While sharing your location with friends when you’re traveling alone, walking home at night, or even going on a date with someone you met online can be a great safety measure (and something I do often), it should never be a friendship requirement. In fact, setting boundaries around social media, technology, and personal privacy is only going to become more important in the near future. Just because the technology exists, doesn’t mean we have to use it all the time (despite social media platforms making us feel that way).
With increased mass surveillance programs and VR on the horizon Stanford Psychiatry professor Dr. Elias Aboujaoude says our digital privacy (and frankly, overall privacy) is in jeopardy. “Privacy is a crucial psychological need that is now under attack, with serious negative consequences to the individual and society,” he says. “Crucial psychological functions are mediated by privacy, including the ability to bounce back from setbacks and the ability to turn a new page and have a fresh start.” In other words, we all need private moments as they allow us space to process and reflect on our thoughts. The guilt you’re feeling stems from a desire for privacy that is both innate and important to people and their development. So, you’re feeling uncomfortable about it because it is uncomfortable.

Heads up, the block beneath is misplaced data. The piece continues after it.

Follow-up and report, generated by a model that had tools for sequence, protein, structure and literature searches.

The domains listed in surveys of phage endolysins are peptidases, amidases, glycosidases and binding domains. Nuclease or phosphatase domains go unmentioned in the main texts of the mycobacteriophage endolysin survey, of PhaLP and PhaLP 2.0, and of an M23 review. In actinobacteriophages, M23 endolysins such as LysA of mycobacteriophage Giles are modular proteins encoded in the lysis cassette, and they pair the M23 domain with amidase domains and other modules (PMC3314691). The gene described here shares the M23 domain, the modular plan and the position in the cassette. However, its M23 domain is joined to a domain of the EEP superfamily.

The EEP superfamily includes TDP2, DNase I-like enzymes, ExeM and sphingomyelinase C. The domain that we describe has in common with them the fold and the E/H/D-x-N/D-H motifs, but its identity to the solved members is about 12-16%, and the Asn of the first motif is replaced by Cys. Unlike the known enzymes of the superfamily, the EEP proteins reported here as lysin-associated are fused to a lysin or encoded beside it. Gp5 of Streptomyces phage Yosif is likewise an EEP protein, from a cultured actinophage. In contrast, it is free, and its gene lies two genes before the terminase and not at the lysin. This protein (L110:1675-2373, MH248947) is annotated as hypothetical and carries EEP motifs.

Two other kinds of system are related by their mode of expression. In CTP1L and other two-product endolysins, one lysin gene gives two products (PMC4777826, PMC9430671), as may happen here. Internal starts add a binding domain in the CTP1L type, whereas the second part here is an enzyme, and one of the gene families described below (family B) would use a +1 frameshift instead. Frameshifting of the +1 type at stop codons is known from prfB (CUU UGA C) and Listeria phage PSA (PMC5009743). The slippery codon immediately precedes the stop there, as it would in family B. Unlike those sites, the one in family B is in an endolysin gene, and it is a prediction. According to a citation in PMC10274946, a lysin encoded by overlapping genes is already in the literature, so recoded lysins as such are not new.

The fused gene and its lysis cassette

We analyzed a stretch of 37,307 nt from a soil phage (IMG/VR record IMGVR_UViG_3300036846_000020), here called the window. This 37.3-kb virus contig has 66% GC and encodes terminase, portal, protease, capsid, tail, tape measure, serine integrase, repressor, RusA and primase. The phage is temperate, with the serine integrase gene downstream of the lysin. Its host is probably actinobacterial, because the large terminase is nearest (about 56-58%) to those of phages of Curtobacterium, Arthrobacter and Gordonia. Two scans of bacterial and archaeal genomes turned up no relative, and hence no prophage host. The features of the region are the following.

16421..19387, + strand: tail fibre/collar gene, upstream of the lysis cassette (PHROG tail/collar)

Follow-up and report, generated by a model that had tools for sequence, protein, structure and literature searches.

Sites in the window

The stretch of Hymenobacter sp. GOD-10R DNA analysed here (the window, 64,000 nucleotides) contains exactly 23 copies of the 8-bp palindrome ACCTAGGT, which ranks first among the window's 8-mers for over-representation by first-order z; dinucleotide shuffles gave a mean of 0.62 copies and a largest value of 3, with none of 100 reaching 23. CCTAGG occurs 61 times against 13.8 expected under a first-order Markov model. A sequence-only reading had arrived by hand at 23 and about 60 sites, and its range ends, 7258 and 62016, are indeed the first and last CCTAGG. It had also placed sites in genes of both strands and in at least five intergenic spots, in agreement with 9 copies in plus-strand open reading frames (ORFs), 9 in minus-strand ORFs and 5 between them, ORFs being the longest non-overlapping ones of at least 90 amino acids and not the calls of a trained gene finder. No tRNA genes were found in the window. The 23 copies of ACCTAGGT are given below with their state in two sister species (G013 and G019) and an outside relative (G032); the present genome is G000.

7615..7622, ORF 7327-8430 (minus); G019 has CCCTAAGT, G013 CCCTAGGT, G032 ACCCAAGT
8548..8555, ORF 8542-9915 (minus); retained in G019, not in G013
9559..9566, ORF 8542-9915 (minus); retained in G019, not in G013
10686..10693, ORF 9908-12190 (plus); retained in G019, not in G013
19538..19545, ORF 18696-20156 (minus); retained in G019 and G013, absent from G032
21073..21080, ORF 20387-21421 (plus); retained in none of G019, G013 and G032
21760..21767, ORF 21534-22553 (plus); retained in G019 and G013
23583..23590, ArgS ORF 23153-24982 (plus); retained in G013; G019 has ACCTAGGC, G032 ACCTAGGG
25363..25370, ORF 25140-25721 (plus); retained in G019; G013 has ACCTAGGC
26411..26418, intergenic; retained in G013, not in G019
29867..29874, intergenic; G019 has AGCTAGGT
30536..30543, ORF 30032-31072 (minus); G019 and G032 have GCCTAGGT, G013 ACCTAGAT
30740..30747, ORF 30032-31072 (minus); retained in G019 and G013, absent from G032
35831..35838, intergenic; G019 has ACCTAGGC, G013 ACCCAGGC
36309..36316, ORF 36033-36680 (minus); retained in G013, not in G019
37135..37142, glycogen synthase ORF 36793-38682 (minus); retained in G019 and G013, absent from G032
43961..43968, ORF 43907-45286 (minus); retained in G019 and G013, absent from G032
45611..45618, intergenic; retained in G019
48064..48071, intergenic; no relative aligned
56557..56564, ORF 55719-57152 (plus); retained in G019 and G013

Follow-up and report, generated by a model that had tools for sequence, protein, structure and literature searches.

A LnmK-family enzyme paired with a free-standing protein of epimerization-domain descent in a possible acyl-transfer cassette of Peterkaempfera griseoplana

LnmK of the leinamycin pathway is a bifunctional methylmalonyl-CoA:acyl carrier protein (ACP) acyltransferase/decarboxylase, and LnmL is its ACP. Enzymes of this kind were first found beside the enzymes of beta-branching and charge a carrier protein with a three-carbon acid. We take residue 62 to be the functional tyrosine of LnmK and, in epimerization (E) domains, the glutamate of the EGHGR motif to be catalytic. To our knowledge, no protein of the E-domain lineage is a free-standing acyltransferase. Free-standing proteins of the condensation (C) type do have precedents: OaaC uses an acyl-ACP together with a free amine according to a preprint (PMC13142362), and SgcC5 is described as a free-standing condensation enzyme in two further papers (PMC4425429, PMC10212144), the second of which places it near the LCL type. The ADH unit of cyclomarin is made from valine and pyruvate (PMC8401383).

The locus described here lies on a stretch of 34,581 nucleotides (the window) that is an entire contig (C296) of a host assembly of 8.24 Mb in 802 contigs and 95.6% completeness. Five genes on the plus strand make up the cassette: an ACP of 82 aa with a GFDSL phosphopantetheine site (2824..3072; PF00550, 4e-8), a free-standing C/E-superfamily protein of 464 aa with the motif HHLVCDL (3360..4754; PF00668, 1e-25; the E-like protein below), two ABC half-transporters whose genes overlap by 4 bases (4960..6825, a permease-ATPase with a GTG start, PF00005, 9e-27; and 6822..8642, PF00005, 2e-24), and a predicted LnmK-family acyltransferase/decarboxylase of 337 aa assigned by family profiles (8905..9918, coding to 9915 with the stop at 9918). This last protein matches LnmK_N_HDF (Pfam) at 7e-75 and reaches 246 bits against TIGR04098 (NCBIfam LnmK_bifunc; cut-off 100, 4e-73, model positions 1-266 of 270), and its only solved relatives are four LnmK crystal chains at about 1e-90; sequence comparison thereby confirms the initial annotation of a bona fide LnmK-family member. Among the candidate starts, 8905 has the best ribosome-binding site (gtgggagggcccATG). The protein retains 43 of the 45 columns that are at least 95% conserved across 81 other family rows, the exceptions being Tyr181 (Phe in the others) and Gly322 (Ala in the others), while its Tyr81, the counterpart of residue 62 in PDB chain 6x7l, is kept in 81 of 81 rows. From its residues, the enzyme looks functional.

Dr. Aboujaoude says we should all hang onto “what little privacy we can still claim” and I tend to agree—location sharing is just location “surveillance" rebranded after all. As a general rule, if you feel uncomfortable with sharing something online, you don’t need to force yourself to oblige just because other people are doing it. Everyone interacts with technology in different ways and, hopefully, your friends would be open to having a larger conversation with you about online privacy, why it’s important to you, and potentially find some middle ground like sharing your location only when you feel unsafe.
Setting Boundaries in Friendships
This question is about privacy but it’s also about communicating boundaries within friendships—which we all struggle with to some degree. If your friends make fun of you for expressing your needs or you feel uncomfortable being honest with them, your friendship with this group might need some work. While many people lie to get out of plans here and there, we all deserve to build the type of healthy friendships where we can say: “I’m feeling a bit off tonight and just can’t bring myself to leave the house.”